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Steve Marlin, InformationWeek
Steve Marlin, InformationWeek
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Learning to Like Compliance

Speakers at InformationWeek Media Network's compliance forum are achieving compliance without disrupting their businesses.

Businesses are starting to get their arms around the challenges of complying with government mandates for guarding the integrity of their core information assets, IT and risk-management executives said during the InformationWeek Media Network's Compliance Challenges and Governance Strategies Forum in New York. Speakers from Regions Financial Corp., Guardian Life Insurance Co. and other financial-services firms explained how they overcame budgetary, technical and organizational obstacles not only to achieve compliance, but to do so in a way that didn't disrupt their businesses.

Regions Financial, a super-regional bank in the Southeast with $49 billion in assets, was hit with a double whammy in 2001. Besides coping with a slew of industry-specific regulations - such as the Home Mortgage Disclosure Act, which requires banks to document that mortgage decisions aren't made based on race or other biases - its chief regulator changed from the FDIC to the Federal Reserve. That proved awkward: The Fed promptly deemed Regions' risk systems inadequate and demanded swift action, CIO John Dick told the audience.

But the action by the Fed proved to be a blessing in disguise, he said, because it forced the company to remediate its shortfalls just in time for the arrival later that year of the USA PATRIOT Act, followed the next year by Sarbanes-Oxley. The bank has appointed teams of experts from its operations, technology, compliance, auditing and regulatory staffs to document and test key financial controls as required by Sarbanes-Oxley.

To date, Regions Financial has validated half of its controls using Paisley Consulting's Risk Navigator business-process software. Regions used Risk Navigator to identify areas of significant risk across the entire company, create action plans and personnel responsible for mitigating those risks, and control effectiveness related to significant financial statement accounts and processes. The bank is on target to meet all of Sarbanes-Oxley's certification requirements by early next year, according to Loring Muir, the financial institution's director of compliance.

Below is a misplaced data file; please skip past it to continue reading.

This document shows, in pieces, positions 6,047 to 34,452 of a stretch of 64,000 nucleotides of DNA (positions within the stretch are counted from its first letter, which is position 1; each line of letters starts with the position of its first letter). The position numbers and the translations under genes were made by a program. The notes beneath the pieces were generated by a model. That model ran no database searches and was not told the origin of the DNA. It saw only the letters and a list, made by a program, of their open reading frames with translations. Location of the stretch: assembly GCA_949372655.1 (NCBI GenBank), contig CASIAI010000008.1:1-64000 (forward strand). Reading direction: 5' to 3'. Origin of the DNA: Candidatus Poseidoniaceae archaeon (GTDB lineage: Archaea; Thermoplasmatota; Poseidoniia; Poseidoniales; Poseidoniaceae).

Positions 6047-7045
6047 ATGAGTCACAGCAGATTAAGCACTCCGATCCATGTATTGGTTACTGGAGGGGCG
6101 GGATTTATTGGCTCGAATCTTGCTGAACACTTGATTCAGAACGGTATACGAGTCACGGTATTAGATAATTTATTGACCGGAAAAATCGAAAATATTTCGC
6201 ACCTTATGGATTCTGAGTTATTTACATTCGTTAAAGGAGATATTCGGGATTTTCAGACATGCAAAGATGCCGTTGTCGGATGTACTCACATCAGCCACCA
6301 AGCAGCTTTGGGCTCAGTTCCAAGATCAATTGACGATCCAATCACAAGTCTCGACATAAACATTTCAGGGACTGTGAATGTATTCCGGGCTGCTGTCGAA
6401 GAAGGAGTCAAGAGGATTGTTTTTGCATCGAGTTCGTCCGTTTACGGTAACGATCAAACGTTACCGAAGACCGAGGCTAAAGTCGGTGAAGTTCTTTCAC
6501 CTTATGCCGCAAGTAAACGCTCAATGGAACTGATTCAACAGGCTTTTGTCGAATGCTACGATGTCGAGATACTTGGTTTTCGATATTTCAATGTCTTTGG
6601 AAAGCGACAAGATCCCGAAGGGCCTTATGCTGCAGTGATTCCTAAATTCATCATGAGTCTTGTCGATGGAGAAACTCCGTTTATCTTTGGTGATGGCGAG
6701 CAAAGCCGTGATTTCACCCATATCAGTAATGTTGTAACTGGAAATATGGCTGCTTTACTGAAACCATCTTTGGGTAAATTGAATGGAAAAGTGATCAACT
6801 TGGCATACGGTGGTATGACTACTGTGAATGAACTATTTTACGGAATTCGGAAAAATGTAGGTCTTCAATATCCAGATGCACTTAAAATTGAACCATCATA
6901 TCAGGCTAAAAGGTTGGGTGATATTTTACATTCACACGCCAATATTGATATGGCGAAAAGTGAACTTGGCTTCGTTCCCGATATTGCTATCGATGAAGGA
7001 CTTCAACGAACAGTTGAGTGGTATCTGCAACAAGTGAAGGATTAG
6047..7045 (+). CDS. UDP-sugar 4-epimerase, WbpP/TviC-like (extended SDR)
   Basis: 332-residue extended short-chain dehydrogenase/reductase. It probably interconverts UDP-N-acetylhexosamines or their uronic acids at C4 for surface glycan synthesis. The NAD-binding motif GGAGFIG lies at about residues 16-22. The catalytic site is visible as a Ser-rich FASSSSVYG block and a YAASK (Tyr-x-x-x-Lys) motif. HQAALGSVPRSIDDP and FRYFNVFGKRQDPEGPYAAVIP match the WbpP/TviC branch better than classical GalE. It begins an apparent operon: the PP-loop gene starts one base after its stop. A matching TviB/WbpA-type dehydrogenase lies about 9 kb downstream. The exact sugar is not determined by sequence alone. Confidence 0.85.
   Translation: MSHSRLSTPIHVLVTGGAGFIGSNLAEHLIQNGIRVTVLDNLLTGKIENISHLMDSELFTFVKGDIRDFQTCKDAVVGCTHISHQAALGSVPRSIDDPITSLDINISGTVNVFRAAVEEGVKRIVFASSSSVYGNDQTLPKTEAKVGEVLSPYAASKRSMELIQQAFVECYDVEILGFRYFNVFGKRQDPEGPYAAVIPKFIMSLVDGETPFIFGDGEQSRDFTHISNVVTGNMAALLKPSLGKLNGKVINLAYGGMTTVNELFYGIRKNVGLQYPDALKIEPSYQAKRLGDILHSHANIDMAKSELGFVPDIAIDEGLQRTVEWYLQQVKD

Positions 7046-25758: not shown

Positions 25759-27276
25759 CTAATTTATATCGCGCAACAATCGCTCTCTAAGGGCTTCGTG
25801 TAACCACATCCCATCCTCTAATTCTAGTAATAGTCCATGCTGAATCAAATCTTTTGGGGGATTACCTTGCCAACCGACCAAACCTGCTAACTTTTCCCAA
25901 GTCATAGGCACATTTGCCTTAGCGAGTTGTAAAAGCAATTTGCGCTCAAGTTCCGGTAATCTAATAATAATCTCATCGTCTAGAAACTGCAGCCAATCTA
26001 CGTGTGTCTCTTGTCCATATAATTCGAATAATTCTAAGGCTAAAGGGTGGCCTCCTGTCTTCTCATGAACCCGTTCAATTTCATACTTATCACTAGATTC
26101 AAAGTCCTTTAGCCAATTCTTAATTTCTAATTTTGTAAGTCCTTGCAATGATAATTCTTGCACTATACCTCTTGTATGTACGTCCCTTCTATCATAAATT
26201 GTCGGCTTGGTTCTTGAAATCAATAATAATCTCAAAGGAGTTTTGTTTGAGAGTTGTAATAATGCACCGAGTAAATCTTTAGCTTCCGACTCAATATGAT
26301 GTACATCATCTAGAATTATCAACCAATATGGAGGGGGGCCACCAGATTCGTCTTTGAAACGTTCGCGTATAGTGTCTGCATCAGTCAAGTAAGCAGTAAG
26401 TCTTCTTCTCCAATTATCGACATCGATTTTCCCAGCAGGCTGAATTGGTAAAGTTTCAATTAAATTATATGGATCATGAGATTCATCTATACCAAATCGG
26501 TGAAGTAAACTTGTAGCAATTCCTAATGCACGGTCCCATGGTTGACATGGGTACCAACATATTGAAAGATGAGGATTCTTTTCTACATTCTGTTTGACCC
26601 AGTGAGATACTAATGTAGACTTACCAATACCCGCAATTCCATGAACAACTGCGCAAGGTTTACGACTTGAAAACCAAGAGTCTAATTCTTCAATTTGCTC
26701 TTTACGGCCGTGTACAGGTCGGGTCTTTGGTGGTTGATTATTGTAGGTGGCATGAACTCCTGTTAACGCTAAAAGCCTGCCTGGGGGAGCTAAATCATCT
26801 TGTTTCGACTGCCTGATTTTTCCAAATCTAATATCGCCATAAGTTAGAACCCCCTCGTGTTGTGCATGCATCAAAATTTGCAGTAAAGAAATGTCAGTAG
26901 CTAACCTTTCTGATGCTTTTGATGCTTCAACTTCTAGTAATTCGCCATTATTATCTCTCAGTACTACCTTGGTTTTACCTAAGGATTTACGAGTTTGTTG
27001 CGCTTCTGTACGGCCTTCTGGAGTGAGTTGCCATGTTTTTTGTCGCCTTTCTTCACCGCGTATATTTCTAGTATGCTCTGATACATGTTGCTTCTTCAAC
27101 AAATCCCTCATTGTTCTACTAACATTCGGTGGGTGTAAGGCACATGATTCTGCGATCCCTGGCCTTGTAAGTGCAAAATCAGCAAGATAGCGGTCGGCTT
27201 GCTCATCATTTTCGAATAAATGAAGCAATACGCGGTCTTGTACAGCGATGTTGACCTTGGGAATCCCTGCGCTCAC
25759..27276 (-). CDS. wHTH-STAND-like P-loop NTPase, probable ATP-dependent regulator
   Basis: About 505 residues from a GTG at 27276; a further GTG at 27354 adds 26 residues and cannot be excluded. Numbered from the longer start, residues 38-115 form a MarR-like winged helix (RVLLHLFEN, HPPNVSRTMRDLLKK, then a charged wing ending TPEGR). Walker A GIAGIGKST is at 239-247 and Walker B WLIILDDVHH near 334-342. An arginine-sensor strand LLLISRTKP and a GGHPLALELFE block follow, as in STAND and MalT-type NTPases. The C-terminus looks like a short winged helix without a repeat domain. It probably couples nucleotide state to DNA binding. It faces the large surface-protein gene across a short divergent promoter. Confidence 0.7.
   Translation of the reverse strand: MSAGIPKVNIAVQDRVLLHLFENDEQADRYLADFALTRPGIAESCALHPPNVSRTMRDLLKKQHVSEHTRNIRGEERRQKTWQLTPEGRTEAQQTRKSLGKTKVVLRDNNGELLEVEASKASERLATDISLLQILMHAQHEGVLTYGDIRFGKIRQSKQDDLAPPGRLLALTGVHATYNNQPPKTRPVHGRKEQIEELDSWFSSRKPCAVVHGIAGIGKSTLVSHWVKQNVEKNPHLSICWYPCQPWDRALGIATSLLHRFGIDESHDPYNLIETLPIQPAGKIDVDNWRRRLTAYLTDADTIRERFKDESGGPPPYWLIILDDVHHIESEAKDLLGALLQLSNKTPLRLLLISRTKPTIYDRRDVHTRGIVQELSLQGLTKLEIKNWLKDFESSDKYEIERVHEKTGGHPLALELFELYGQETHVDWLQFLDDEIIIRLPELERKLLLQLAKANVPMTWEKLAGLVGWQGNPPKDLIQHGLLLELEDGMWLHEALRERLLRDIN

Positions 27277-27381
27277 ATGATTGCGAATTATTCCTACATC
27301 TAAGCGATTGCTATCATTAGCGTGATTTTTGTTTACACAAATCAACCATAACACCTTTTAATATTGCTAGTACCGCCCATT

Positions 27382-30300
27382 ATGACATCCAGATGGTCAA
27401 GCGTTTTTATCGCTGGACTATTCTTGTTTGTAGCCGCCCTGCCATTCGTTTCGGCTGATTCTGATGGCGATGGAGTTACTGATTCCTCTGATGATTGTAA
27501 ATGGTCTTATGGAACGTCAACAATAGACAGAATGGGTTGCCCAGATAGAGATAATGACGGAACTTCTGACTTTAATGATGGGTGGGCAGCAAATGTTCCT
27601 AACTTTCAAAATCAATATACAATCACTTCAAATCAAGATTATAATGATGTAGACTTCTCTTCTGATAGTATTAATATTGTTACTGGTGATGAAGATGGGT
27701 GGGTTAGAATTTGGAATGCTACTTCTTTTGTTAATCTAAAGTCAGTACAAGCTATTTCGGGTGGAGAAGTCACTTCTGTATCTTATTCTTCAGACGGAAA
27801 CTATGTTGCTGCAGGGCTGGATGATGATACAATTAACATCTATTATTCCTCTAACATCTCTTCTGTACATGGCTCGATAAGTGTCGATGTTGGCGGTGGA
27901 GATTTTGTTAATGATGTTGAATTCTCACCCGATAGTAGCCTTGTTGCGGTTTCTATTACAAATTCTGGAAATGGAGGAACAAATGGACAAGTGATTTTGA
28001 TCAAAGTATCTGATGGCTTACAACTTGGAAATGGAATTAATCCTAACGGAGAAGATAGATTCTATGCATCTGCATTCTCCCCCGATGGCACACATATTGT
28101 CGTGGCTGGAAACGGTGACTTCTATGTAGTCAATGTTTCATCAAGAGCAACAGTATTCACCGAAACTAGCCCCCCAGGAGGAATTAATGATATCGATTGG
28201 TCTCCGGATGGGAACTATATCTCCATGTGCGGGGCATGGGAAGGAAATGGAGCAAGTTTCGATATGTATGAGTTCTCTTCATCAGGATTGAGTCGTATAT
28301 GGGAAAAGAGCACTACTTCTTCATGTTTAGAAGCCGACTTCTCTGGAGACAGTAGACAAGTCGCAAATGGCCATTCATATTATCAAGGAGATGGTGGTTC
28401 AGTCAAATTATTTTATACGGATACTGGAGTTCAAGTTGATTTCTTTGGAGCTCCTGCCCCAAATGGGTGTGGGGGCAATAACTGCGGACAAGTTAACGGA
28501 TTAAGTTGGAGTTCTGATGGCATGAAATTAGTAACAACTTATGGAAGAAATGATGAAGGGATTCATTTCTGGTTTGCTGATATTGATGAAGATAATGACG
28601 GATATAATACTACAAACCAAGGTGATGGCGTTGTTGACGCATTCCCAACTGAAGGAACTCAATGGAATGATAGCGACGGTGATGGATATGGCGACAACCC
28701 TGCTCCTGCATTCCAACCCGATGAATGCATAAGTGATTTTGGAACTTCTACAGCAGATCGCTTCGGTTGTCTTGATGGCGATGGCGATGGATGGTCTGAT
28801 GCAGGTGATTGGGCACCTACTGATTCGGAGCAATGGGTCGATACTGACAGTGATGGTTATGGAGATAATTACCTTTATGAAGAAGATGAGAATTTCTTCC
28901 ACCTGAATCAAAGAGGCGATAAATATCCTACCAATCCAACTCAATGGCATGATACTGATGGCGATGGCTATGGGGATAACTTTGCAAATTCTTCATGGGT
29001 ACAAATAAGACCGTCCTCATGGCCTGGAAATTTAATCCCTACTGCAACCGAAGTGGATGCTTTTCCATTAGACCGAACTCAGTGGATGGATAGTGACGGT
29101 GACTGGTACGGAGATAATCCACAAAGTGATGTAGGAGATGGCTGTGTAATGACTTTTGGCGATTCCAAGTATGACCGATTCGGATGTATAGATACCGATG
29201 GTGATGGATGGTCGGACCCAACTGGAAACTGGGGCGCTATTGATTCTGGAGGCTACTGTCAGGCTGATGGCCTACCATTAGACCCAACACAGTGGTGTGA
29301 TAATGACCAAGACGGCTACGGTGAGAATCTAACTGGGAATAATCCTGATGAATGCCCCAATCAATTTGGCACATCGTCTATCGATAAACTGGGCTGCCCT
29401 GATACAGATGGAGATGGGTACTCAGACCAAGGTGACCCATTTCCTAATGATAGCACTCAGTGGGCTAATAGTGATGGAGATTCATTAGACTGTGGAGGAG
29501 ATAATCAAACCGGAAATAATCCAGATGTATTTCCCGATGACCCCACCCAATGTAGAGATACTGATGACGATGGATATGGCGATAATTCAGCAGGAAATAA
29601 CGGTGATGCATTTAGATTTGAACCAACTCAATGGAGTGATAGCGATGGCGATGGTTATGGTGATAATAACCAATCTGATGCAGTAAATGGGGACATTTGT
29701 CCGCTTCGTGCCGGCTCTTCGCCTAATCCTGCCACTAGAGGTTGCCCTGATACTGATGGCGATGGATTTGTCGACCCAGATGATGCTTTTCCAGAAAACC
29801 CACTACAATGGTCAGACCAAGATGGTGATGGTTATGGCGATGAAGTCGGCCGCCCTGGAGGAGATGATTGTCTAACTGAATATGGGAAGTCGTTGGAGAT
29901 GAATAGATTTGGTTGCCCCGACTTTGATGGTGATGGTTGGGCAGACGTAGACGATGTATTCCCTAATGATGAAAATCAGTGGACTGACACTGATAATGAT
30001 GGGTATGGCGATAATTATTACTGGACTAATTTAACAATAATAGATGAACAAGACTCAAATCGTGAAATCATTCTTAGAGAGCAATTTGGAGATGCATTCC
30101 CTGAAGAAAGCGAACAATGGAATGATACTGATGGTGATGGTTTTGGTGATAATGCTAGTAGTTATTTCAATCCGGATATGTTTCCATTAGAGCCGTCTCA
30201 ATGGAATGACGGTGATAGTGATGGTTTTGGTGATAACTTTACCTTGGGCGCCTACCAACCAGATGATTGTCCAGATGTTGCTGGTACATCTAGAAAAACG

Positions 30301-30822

One secret to compliance management lies in embracing, rather than simply tolerating, the need for compliance, said Marc Sokol, chief information security officer at Guardian Life. Even though the company probably won't be subject to the Sarbanes-Oxley Act until 2006, it plans next year to thoroughly document and test its business processes and controls as stipulated by the act.

Another tip from Sokol: view compliance as a business process to be managed over the long term instead of one to be dealt with on a one-shot basis and then forgotten. "It's about addressing a need rather than solving a problem," Sokol said. Anticipating the need to protect information beyond levels mandated by the SEC and the NASD, Sokol's team designed a system using Centera storage-management software from EMC Corp. and Assentor software from iLumin Software Services for filtering electronic communications.

Since information security policy is at the core of most compliance efforts, the role of the information security chief must be clearly defined. "I don't own the information assets - I help to protect them," Sokol said.

Despite being inundated by a "tidal wave" of recent legislation - including the USA PATRIOT Act, Sarbanes-Oxley, the Gramm-Leach-Bliley Act (which governs the use of customer information) and numerous federal and state insurance regulations - Guardian Life has maintained a holistic balance between its compliance and business needs, Sokol said. CIO Dennis Callahan sits on the company's compliance board, together with other senior executives, such as the chief legal counsel.

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